Pretty bad, apparently… Everyone is different, so your mileage may vary, and to be fair I’m also the type who gets tipsy from a 1/4th can of beer, but for whatever reason, me and Monster Energy did not get along. Physically, I felt awful.
For one, whenever I was drinking the Monster Energy, I felt super awake, but my eyes were uncomfortably heavy, like they were made of lead. It was strange to be so awake, while feeling like my eyelids would get stuck together at any moment.
Also, I got all sorts of aches and pains. My head, back, and shoulders were all achy, and I swear I didn’t feel or notice any of that at all during the matcha drive. My hands were tingling a bit, and I felt a little colder than usual.
At one point, (01:56 – 2:12) I even got paranoid that I overdosed on the Monster somehow. At that time, I got the worst headache of my trip, which I rated a 7/10. My chest felt heavy, and I felt like I was having trouble breathing… then, my forehead, nose, and eyes got so warm, I thought they were going to melt from my face.
In comparison, I got just a few mild, physical sisde effects during the matcha dirive. Whenever I drank the matcha, I’d get a slight, immediate headache – like a 2/10 at most, not enough to even call it a headache, and it always went away very quickly. I don’t know where that came from, but I think it’s because of the sensation of bitterness from the tea. Just a guess, though.
I also got some mild munchies, and at times, I felt a little tingling in my hands, but that’s pretty much it. No records of aches, pains, or splitting headaches on the matcha trip… just a lot of “feeling good!”.
Monster Energy: 5.81
Another telling graph. Matcha scored high, stable scores here: I was in a great mood more or less all trip. Monster Energy has some big ups and downs, which are pretty reflective of the big mood swings I was getting during that drive.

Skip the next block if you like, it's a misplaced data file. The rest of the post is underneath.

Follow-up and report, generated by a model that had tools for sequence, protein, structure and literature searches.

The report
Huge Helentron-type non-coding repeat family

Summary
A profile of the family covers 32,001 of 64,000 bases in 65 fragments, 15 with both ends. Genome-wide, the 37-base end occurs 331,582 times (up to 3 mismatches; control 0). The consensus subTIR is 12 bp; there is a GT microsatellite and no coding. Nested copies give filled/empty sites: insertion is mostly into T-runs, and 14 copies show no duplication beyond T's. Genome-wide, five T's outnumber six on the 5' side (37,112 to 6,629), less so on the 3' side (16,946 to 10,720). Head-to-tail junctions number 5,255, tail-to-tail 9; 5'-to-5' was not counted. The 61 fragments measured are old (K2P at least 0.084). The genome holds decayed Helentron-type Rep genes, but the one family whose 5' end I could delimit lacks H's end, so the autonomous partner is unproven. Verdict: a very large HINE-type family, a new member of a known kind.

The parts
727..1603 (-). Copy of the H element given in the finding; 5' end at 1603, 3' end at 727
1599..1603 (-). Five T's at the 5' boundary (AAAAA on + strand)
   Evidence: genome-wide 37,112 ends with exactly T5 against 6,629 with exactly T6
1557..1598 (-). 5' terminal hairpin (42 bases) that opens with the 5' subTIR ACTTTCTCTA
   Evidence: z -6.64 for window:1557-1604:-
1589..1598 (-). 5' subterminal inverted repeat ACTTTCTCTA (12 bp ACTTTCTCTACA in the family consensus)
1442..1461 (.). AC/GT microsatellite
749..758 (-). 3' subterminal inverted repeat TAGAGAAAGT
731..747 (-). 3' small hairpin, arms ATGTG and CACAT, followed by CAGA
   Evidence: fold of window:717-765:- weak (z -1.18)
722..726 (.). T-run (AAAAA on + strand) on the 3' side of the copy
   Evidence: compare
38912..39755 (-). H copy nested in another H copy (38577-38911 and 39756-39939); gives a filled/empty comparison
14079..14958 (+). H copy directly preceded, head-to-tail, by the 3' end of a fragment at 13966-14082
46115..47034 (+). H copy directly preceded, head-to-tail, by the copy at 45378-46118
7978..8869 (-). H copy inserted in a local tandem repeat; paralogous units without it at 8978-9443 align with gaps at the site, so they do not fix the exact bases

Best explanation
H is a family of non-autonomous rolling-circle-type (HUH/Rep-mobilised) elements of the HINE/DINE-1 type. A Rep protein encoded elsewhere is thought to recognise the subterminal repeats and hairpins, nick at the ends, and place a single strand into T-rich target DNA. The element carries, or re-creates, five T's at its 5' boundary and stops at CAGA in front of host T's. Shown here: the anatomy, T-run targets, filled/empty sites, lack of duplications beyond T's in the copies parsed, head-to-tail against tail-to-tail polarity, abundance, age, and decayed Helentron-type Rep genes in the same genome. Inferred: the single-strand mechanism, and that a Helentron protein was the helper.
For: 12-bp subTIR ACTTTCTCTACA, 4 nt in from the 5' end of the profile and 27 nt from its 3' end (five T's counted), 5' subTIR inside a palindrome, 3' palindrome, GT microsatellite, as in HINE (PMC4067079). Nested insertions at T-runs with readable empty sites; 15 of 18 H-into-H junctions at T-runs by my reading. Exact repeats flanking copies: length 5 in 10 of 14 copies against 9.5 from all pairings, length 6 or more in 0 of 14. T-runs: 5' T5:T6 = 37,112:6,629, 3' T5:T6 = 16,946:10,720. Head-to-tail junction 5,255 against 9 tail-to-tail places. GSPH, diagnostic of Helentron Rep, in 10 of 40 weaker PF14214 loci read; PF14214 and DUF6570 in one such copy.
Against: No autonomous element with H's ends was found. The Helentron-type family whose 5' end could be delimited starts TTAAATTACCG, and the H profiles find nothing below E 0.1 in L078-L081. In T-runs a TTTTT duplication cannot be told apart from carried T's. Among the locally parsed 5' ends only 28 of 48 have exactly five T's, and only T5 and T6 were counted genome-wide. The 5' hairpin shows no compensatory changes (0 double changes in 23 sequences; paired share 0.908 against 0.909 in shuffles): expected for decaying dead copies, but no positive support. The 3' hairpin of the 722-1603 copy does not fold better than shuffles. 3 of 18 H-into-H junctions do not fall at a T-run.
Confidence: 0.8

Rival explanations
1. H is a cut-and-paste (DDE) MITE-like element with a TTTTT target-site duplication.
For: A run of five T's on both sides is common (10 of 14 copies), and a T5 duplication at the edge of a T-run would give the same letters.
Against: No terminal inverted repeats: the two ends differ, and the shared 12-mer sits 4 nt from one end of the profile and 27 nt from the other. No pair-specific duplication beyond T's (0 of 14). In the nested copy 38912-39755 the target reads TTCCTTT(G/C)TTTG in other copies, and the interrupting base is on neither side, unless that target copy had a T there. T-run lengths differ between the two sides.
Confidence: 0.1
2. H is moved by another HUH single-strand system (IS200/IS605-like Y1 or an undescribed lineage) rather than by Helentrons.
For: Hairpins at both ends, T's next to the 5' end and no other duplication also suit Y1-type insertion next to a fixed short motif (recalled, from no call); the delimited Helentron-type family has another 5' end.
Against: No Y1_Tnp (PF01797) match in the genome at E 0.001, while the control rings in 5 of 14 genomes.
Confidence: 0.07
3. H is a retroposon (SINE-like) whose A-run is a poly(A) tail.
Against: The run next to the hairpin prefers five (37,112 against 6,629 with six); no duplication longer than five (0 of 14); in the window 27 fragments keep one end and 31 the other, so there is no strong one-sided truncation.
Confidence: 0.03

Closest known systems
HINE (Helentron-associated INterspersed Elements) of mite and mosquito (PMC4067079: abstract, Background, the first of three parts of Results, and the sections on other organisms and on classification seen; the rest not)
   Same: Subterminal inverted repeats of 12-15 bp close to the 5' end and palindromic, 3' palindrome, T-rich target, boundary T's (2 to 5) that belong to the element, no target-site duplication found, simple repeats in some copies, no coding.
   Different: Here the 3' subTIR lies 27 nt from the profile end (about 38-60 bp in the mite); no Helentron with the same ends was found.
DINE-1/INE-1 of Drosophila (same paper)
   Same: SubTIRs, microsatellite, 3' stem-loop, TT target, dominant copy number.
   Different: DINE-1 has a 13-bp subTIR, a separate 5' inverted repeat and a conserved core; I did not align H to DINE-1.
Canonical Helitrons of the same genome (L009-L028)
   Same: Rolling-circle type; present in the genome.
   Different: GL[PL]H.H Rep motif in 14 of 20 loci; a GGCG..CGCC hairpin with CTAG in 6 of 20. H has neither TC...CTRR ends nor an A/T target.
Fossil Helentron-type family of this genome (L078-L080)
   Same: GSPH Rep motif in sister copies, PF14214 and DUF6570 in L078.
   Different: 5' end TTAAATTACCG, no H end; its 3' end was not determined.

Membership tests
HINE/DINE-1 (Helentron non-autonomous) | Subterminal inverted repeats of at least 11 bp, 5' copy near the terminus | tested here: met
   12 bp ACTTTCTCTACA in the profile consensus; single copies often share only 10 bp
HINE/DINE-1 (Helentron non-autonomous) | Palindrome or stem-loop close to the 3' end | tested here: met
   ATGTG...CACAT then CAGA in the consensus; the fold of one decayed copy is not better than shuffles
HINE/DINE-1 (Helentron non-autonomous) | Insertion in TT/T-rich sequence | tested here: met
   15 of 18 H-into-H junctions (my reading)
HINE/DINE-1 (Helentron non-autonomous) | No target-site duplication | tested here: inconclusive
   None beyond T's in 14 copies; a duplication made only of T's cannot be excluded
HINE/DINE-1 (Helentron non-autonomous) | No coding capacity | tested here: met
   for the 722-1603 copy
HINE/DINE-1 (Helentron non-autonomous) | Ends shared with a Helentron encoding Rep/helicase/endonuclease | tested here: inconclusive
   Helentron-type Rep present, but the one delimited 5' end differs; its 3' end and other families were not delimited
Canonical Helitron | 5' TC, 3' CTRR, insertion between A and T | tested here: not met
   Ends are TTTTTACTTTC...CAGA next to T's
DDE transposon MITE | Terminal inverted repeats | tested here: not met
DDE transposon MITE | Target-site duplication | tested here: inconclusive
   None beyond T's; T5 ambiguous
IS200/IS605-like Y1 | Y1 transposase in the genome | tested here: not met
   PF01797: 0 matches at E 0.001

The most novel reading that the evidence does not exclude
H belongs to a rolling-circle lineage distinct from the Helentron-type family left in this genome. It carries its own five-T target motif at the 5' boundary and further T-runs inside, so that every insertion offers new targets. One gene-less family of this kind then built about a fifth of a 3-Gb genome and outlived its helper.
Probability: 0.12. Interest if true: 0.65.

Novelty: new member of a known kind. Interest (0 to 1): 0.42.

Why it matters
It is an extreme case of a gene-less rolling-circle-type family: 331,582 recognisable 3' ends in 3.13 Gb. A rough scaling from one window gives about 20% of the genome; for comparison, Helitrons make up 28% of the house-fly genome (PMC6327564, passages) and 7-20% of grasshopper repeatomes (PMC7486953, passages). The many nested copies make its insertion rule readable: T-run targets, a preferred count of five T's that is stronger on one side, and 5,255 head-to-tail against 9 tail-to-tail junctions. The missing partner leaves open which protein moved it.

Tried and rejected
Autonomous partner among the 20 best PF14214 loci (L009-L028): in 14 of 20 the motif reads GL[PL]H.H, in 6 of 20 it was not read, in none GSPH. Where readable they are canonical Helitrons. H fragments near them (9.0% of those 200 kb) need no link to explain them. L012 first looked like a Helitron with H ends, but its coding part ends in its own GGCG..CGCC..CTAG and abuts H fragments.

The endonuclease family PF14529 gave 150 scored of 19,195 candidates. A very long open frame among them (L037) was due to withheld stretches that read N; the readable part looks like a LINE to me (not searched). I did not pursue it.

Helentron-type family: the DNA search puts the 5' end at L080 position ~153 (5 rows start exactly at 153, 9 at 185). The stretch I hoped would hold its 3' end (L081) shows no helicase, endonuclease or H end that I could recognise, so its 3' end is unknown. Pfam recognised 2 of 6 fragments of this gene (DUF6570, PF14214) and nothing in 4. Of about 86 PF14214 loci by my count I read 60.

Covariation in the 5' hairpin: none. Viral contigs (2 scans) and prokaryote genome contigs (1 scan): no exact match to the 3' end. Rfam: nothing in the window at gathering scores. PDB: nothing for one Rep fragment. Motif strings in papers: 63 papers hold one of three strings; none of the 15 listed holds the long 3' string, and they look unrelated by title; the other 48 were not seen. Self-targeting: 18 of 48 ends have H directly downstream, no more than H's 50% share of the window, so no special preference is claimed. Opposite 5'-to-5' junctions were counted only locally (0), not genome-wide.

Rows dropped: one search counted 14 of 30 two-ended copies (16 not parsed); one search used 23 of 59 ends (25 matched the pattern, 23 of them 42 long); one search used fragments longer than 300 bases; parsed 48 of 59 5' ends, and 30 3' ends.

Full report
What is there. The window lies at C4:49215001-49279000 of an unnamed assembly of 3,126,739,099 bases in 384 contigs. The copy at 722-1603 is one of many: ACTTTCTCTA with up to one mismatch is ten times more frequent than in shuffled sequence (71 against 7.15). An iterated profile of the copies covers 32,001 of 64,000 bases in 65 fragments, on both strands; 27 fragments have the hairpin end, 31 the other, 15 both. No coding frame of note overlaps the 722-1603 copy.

Whenever I was actively drinking the Monster I was pretty irritable, pessimistic, and scatterbrained. I was in a bad mood. My mental processes weren’t great either: my recordings ramble on and aren’t very coherent, and whenever I did talk, it was mostly to whine about how down and achy I felt. It was so bad, I often didn’t even feel like listening to my Broadway musical CDs.
Those feelings would fade away if I hadn’t had any Monster over an hour or two, but sure enough, they’d come back immediately if I tried it again.
As for the matcha? Man, I felt awesome on the matcha. I was optimistic, aware, and relaxed. Even during times when the trip felt really challenging, like during tough parts on the road or when I was starting to feel really drowsy, my mood was always positive.
At times I was having a full on salsa party in my car (maybe the musicals helped), and at other points I was driving in silence but feeling calm, contemplative, and at peace.
To be fair, it’s possible that I just felt good on the matcha because I’m used to it. Something familiar will always feel better, right?
Well, while that might be partially true, it doesn’t explain how terrible I felt on the Monster. Even with the same CDs available, there definitely wasn’t any salsa party rap battles going on during the energy drink drive (and I never get tired of “In The Heights” or “Hamilton“). It wasn’t like I felt great on the matcha, and just neutral on the energy drinks… the differences were pretty huge.
With the matcha, I definitely had some low points, especially when I was really tired, but I still really enjoyed the trip. I just felt more alive, even considering I had only 3 hours of sleep that day.
Energy Drinks: 3.96
Relaxation was important for me to measure, since I can be a pretty nervous, anxious driver. I also wanted to track any caffeine jitters from either of the drinks. Matcha scored pretty high, stable scores here again, while Monster Energy scored medium scores, though fairly stable scores.
Some good news: neither of the drinks exhibited the caffeine jitters we commonly associate with coffee. Neither of them kept me awake after the trip, too, so I was able to relax and sleep right after.
However, during the Monster drive, the physical and mental side effects were making me pretty anxious. The weird brain fog didn’t help, either: at times, I was worried I’d make the wrong move on the road, or something.
With the matcha, I felt relaxed, calm, and at ease. Sometimes, I’d be sitting there quietly, in an almost meditative state of reflection. After experiencing that kind of peace while driving at 80 miles on a dark, one-lane California high way, I can see why those Zen Buddhist monks liked matcha so much.